Juniper GTL plans to invest $100 million to transform a dormant steam methane reformer in Louisiana into a natural gas-to-liquids facility. (Photo courtesy of
Last Modified: Tuesday, April 01, 2014 10:43 AM
Preliminary fieldwork is underway on the Juniper GTL plant in Westlake as workers begin examining the site’s existing equipment, which will be refurbished for the new facility.
James Davis, senior vice president of SGC Energia, Juniper’s parent company, said the bulk of the fieldwork will begin next week and is expected to take about four months to complete.
Davis said Matrix Service of Orange, Texas, has been chosen to do most of the fieldwork, which will include installing new piping and bracing. The company will also clean out and inspect the existing equipment to ensure it works properly before it becomes integrated with the new GTL plant.
“We’re going to go over the equipment with a fine-toothed comb and make sure that it’s going to be fully functional,” he said. “The existing facility there is in very good shape, but it needs to be refurbished to make sure that it operates properly.”
The estimated $100 million facility will produce about 1,100 barrels a day of diesels, waxes and naphtha. The project is expected to create 29 direct jobs, which pay an average of $85,000 a year, plus benefits. Louisiana Economic Development estimates the facility will create 112 indirect jobs.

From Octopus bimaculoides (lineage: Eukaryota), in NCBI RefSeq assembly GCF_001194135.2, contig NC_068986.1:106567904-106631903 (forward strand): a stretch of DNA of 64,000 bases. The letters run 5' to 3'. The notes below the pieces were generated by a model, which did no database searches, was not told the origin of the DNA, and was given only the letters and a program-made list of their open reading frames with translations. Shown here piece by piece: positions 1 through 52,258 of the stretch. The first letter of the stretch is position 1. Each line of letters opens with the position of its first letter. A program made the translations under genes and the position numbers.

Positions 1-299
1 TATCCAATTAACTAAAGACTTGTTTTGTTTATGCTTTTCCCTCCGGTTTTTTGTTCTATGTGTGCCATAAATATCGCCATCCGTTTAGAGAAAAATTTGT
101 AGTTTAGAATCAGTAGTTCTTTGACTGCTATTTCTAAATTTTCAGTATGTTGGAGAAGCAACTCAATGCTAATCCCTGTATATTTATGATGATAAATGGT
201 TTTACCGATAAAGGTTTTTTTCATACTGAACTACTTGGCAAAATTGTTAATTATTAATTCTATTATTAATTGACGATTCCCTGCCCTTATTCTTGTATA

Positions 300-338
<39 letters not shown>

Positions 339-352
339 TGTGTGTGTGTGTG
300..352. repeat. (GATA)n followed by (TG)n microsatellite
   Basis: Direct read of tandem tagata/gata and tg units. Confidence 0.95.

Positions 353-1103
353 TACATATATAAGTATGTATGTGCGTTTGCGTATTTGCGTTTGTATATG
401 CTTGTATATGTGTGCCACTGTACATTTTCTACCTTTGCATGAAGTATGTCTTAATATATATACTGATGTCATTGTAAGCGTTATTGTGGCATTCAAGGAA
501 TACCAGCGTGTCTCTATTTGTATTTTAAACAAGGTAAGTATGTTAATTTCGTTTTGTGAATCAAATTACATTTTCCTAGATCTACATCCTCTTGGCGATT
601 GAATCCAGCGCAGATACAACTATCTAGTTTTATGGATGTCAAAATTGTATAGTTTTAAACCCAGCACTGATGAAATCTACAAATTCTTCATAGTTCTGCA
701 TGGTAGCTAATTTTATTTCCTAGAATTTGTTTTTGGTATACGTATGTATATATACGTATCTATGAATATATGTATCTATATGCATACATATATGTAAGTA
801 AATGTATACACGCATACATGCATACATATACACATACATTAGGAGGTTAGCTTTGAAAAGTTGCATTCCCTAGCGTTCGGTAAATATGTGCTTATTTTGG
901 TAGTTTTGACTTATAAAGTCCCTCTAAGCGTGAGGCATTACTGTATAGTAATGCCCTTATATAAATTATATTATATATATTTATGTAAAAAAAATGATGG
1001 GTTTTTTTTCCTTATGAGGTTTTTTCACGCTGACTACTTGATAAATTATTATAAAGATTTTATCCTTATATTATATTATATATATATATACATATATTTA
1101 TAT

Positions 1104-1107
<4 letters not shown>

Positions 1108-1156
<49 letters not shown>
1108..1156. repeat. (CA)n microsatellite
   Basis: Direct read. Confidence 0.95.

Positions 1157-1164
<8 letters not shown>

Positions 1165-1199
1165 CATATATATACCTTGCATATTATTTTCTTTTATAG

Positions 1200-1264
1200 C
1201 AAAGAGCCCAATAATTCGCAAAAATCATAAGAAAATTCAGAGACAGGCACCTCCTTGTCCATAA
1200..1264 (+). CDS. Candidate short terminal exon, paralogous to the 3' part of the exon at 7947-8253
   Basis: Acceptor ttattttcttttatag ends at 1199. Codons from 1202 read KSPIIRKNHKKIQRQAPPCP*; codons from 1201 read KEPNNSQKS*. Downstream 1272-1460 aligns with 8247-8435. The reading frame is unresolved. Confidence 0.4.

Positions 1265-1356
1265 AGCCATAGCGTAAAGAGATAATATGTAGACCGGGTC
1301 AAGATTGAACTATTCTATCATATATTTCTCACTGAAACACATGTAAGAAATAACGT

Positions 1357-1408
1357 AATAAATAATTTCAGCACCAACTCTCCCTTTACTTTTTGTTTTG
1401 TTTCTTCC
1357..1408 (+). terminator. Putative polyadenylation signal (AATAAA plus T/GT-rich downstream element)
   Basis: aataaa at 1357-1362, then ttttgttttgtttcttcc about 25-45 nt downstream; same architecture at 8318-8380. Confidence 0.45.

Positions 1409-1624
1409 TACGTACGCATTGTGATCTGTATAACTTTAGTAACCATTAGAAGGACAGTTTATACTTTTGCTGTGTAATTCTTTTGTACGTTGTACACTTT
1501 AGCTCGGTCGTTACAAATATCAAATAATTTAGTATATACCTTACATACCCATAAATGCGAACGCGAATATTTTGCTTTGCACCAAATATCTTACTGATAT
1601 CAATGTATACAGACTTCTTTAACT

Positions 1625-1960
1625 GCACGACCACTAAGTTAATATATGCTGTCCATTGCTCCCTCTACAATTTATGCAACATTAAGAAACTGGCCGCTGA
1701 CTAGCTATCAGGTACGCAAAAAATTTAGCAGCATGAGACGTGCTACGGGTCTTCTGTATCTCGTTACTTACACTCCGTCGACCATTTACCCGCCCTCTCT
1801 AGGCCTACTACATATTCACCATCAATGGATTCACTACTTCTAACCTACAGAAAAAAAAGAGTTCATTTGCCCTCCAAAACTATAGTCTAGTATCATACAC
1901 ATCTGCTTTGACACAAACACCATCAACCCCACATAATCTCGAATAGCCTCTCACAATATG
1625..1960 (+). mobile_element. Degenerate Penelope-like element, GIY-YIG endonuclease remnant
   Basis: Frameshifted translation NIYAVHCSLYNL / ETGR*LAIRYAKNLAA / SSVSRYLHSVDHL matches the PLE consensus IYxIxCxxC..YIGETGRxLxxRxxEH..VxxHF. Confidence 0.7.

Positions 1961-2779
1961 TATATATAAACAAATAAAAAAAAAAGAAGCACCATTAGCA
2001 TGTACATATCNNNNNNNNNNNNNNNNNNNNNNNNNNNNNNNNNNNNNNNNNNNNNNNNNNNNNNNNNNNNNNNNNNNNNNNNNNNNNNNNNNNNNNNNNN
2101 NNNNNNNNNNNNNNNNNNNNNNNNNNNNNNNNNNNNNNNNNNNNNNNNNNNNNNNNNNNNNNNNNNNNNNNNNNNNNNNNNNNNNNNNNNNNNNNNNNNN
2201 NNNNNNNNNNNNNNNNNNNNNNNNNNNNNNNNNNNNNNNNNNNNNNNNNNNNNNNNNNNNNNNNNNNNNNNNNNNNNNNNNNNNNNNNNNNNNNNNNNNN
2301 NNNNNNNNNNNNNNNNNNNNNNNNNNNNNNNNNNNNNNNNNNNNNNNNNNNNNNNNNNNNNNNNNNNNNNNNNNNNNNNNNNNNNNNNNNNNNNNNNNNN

Construction workers are currently examining the site’s equipment, which was originally owned by Praxair, an industrial gases company based in Danbury, Conn. Praxair sold the equipment and land to Juniper last June.
Workers are opening up the equipment to get it ready for final inspection, clean out and refurbishment, Davis said.
“We want to get the equipment up to as close to factory-new as possible,” he added.
Among the former Praxair equipment Juniper is looking to refurbish is a steam methane reformer, which Davis said will be at the heart of Juniper’s daily operations.
The steam methane reformer will convert natural gas into synthesis gas, a combination of hydrogen and carbon monoxide, which is used to make products such as methanol and ammonia.
“When we did our initial due diligence on that facility we began to realize that (the steam methane reformer) is in good shape and it would not take a whole lot to get it back to the point where it’s ready to go,” he said. “So we saw that as a tremendous advantage, as well as a lot of the other equipment that’s on site.”
Davis said he doesn’t expect to see any major groundwork on the site until the fall, when construction is slated to begin on the plant’s foundation.
Hiring for non-labor jobs at the Juniper plant has begun. Davis said a full-time human resource officer is now at the company’s Interstate 10 office to assist with screening and candidate selection. Those interested in submitting a resume to Juniper can do so via email at firstname.lastname@example.org.
Davis added that hiring for the project’s craft labor jobs will be done by the engineering and construction contractors hired to design and build the facility. He added that the project’s front-end engineering and design contract was sent out for bid a year ago. Davis, however, declined to comment on whether the contract was awarded.
“That kind of information will be forthcoming sometime during the second quarter of this year,” he said.